once radioactive material gets inside them it will be there for the rest of their lives.
Wrong. Many radioactive isotopes aren't absorbed by the body and are flushed out rapidly, and some of the most damaging particles (alpha emitters in particular) are at their worst when airborne, only staying 'in' your body for the length of a breath. There are some isotopes that are absorbed easily (namely Iodine), but they are the minority. There is not a single "Radiation", there are a staggering number of different radioactive elements, and for each one, the chemistry matters far more than the half-life.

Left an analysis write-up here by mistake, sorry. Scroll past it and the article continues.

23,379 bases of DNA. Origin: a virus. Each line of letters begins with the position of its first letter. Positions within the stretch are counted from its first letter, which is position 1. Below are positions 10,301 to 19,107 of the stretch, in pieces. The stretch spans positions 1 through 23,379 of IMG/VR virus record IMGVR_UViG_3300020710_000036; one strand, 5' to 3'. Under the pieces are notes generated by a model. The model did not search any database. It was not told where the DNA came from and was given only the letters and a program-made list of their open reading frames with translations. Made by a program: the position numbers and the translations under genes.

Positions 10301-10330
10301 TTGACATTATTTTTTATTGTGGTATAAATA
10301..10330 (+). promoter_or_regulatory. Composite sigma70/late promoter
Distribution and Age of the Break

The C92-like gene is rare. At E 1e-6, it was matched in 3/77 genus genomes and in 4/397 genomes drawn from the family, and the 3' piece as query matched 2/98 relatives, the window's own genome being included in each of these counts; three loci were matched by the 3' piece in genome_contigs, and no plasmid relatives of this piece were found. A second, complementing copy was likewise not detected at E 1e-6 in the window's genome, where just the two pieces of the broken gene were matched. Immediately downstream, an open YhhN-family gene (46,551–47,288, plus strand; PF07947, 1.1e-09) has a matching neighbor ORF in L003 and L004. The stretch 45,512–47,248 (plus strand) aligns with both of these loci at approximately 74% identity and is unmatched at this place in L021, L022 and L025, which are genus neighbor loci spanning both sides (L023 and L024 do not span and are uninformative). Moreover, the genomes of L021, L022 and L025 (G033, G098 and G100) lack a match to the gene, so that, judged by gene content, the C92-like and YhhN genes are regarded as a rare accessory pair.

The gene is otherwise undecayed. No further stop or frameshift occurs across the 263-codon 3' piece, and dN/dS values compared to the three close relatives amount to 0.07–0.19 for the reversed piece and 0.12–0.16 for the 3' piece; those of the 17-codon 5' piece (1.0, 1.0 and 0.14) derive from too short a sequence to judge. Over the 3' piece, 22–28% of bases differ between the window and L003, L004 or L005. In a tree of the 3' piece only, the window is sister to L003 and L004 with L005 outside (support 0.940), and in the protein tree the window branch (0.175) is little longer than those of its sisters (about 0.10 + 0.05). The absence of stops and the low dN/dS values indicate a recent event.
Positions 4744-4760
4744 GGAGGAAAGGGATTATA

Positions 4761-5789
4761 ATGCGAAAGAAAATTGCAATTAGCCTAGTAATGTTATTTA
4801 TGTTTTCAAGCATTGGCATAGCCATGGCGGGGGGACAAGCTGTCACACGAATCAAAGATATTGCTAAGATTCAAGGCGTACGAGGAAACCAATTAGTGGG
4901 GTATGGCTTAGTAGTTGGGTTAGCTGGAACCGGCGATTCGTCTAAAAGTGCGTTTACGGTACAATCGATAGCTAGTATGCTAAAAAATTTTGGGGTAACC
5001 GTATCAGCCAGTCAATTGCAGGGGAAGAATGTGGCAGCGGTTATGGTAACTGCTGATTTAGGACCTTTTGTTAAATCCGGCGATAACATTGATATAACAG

If they had actually improved on the traditional incandescent, they would not need to have a law passed in order to displace...
This is what I was responding to. Sorry for the miscommunication.
That works out to an energy density of (mgh)=1.5e9 J/m. Multiply that by 1600 km, and you get 2.5e15 J, or half a megaton, equivalent to the yield of a small hydrogen bomb. Anyone ever see a superconducting magnet quench?